Exchanging information on new psychoactive substances and abused medicines is enhanced today, thanks to an amended working arrangement signed in Lisbon by the European Monitoring Centre for Drugs and Drug Addiction (EMCDDA) and the European Medicines Agency (EMA) (1). The signatories were EMCDDA Director Wolfgang Götz and EMA Executive Director, Guido Rasi.
Today’s arrangement updates that signed by the agencies in 2010 and furthers cooperation between them. It was drawn up in the light of newly applied EU legislation on pharmacovigilance designed to strengthen Europe’s system for medicines safety. The legislation was adopted in 2010 and applies from 2 July 2012 (2).
The two EU agencies have worked closely together since 1997 when they began exchanging information on, and assessing the risks of, new synthetic drugs in Europe (3). Since 2005, they have cooperated in implementing the three-step legal instrument through which Europe now monitors and acts on new psychoactive substances (4).
According to the new legislation, the EMA and the EMCDDA ‘shall exchange information that they receive on the abuse of medicinal products including information related to illicit drugs’. New to the arrangement signed today is that the EMA will now inform the EMCDDA of any ‘validated signals’ (5) on the suspected side effects of medicinal products related to drug abuse. The arrangement strengthens the agencies’ information exchange practices and will help them respond in a more timely manner to potential public health threats.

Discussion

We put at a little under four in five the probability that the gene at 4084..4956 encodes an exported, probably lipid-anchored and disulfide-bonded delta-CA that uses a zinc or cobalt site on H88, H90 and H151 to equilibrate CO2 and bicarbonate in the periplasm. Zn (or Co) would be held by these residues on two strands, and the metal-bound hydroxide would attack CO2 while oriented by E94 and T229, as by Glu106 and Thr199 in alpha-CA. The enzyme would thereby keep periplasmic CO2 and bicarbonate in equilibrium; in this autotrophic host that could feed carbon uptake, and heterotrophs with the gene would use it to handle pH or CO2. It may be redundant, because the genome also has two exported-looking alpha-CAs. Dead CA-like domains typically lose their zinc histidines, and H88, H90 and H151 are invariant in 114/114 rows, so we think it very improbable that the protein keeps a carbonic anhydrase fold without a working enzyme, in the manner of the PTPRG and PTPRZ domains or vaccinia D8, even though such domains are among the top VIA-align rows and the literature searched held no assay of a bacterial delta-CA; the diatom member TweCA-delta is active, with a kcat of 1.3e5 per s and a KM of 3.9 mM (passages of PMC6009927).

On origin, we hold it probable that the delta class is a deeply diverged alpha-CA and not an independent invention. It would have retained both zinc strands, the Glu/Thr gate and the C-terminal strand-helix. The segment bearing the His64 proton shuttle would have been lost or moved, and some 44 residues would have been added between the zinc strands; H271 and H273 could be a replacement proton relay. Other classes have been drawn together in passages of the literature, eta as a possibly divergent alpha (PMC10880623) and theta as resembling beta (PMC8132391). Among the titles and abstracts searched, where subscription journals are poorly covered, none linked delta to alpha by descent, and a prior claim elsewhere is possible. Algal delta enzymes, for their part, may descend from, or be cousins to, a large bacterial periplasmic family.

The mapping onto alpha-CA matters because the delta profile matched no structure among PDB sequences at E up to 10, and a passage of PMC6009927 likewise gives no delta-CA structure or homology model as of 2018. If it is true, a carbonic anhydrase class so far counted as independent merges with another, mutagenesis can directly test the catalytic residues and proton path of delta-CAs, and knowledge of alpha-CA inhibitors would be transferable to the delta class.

Other features of the arrangement include the exchange of expertise (e.g. via consultations, projects, meetings) and the possibility for the EMA to consult the EMCDDA when defining risk management plans for selected medicinal products.
The agencies are currently collaborating in an ongoing European investigation into the health and social risks of the new psychoactive substance 4-methylamphetamine.
(3) 1997 Joint action on the information exchange, risk assessment and control of new synthetic drugs.
(4) 2005 Council Decision on the information exchange, risk assessment and control of new psychoactive substances. This repealed the above Joint action while building on its achievements and maintaining its three-step approach (information exchange/early-warning; risk assessment; decision-making/control).
(5) A safety signal in the form of information on a new or known adverse event that is potentially caused by a medicine and that warrants further investigation. For a signal to be validated, raw data needs to be reviewed and enough evidence found to justify further analysis.
An EMA news release is also available.